I love the portability of fold ability but at my age a littlest work to hoist the rear then front end into the car. If I had a pick, I’m sure in Turbo mode would be easier and a thrill to ride up a ramp onto the pickup bed. The hydraulic disk brakes would easily handle the down ramp.

  12. Great bike. Currently in the Alps on a mix of tarmac gravel and severe climbs. Makes simple work and makes me feel in my seventh decade young again. A tern up for the books!

  13. Having read many rave reviews for the Vektron I was very disappointed when I tried to move one in a local bike shop. I had great difficulty shifting it up onto its wheels and then trying to keep it balanced on them, it’s such a lump and the weight of the motor doesn’t lie naturally over the wheels. It felt too heavy and unstable to use safely on public trains – what if it were to topple onto someone? – and too big to go inside a bus. After also trying a Vello+ I finally bought a Brompton Electric. While I’d have preferred rear wheel drive, it is really versatile and, alone among folding bikes it seems, is permitted into everywhere and everything. I do find it heavy even without its bag, but it is easy to wheel around on its mini wheels while fully or partly folded so I rarely carry it.

    • Peter,
      I saw the online video on Vello Bike+ and it seems to have some advantages that the Brompton Electric doesn’t have – internal hub gear, more powerful motor, 20″ wheels and more stable ride. But I am not able to test ride it in NYC. Have you looked at the Birdy or GoCycle? What are your thoughts of Brompton Electric vs. Vello Bike+ vs. Vektron Q9 or S10 vs. GoCycle?

  14. Vektron is more like a cargo bike. I have two ebikes. One is Brompton and the other is Vektron S10 v2. The price is very similar but you can definitely feel the BOM cost for those two bikes are significantly different. I like the Vektron way more than the Brompton. Brompton is about the fold but the Vektron is about the ride.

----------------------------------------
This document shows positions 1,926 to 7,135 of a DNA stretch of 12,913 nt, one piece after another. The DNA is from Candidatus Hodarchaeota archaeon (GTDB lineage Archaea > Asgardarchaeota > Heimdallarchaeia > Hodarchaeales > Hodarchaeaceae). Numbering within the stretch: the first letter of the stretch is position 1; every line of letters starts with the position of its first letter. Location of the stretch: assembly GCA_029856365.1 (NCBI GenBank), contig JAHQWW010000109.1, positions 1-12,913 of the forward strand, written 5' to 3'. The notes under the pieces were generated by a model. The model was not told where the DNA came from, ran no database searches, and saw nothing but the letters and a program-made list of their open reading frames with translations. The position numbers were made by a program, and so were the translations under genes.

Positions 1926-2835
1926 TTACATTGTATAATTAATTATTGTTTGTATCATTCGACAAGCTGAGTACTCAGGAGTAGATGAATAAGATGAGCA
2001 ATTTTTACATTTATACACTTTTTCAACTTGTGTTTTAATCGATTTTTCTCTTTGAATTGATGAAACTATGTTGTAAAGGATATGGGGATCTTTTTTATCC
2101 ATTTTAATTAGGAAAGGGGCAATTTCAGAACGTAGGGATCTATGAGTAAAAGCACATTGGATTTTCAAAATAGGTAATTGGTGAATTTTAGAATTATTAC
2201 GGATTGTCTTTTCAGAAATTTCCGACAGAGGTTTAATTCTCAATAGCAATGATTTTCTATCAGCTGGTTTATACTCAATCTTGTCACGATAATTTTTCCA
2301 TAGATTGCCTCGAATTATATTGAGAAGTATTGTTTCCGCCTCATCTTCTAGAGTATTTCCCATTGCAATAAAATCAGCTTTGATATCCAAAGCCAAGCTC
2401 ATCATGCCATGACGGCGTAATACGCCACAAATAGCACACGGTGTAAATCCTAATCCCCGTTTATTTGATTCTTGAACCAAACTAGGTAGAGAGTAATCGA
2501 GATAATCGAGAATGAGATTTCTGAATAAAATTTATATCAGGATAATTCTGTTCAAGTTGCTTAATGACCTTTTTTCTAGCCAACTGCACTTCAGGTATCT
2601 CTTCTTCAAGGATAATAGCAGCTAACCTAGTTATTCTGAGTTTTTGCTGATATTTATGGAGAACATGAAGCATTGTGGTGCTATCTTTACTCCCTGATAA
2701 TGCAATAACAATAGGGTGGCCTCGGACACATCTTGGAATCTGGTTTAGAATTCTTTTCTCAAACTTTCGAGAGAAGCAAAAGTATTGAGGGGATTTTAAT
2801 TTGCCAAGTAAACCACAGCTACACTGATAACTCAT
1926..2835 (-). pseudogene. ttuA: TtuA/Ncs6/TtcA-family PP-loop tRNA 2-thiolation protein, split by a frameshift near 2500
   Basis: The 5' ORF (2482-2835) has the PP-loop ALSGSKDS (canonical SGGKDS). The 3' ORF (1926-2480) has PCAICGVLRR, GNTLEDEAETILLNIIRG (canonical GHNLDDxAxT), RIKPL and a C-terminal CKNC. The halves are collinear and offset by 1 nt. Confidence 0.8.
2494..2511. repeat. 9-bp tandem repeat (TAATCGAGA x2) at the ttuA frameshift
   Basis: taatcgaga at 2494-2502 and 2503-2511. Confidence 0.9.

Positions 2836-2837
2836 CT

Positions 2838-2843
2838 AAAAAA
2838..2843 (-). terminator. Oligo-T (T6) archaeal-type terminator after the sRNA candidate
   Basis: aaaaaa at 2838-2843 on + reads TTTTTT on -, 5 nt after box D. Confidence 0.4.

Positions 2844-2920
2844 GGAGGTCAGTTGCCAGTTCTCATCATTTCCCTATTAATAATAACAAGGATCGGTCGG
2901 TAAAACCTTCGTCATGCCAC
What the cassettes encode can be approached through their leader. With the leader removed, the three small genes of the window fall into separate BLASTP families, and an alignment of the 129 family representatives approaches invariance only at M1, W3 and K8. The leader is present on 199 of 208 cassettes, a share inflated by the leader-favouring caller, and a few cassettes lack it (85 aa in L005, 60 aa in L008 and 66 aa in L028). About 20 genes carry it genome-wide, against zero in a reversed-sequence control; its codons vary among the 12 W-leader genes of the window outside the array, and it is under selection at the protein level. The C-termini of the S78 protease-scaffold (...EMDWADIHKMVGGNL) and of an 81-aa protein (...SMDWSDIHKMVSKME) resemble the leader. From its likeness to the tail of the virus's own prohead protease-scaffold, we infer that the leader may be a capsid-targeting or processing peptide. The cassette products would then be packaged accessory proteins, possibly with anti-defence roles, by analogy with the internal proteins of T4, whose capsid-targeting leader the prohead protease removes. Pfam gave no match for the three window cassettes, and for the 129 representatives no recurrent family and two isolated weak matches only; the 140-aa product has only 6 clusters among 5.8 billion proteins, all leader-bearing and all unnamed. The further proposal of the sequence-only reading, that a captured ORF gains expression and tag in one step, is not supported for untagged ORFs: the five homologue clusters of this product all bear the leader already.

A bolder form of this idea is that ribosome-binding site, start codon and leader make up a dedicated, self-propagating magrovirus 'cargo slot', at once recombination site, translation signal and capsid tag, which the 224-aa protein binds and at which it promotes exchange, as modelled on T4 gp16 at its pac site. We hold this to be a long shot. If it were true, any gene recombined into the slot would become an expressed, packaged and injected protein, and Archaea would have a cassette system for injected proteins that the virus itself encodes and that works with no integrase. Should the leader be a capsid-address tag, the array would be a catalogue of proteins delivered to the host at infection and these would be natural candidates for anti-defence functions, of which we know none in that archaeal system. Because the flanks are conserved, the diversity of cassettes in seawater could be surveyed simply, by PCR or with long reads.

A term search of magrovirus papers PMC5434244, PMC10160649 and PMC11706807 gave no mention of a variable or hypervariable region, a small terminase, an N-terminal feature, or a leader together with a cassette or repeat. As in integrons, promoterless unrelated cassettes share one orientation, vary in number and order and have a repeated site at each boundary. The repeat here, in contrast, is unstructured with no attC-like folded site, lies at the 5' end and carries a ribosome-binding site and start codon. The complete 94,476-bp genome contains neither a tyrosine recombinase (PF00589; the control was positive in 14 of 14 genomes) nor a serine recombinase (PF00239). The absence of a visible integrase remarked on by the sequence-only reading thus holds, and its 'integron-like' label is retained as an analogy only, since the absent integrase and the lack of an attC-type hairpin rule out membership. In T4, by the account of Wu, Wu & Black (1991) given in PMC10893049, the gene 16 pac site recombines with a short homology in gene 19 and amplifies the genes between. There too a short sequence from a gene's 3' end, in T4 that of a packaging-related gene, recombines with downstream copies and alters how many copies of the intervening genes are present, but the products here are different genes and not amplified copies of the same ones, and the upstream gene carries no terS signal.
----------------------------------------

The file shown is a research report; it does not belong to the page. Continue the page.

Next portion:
• Hi Chuck,

      I have been deciding between the Vektron S10 and the Electric Brompton.. and live in New York City. I wanted one that is lighter but also easy to fold, has internal gear hub (lower maintenance) and also has a good motor. From my research, it looks like the Birdy or Vello Bike+ fit that criteria but don’t have much dealer/ tech support in NYC. How did you decide to get both and which do you use one vs the other?

  15. The only outstanding fature in the Tren Vektron is the Central Mounted Motor. No other foldable has it, unless I am wrong. And boy, do I wish to be wrong for the sake of competition.
    Any suggestions…?

  16. I would suggest that the Vektron is low on power and has very poor handling characteristics. It is skittish at the front end, hard to keep steady at low speed. Yes, I do own one and to be fair for half the money there are better bikes available. I previously had owned a Repton e. Now that bike I couldn’t fault.

  17. Got two S10 (gen 3, 2021), one for me and one for my wife. We love our bikes. We ride in urban as well as country settings, on trails, gravel roads, paved roads, up steep hills, on beaches. I have been riding for over 60 years, have done lots of mountain biking and this bike is exceptionally well balanced and doesn’t feel like a small wheel folding bike. The super quiet centrally positioned Bosch (performance line) motor is powerful, the Shimano Deore derailleur is sharp (especially with the clutch on) and the Magura hydraulic brakes are very effective but not harsh. When you turn off the motor assist there is no resistance from the motor and you pedal as if there wasn’t a motor (not the case for all pedal assist motors). A well engineered bike.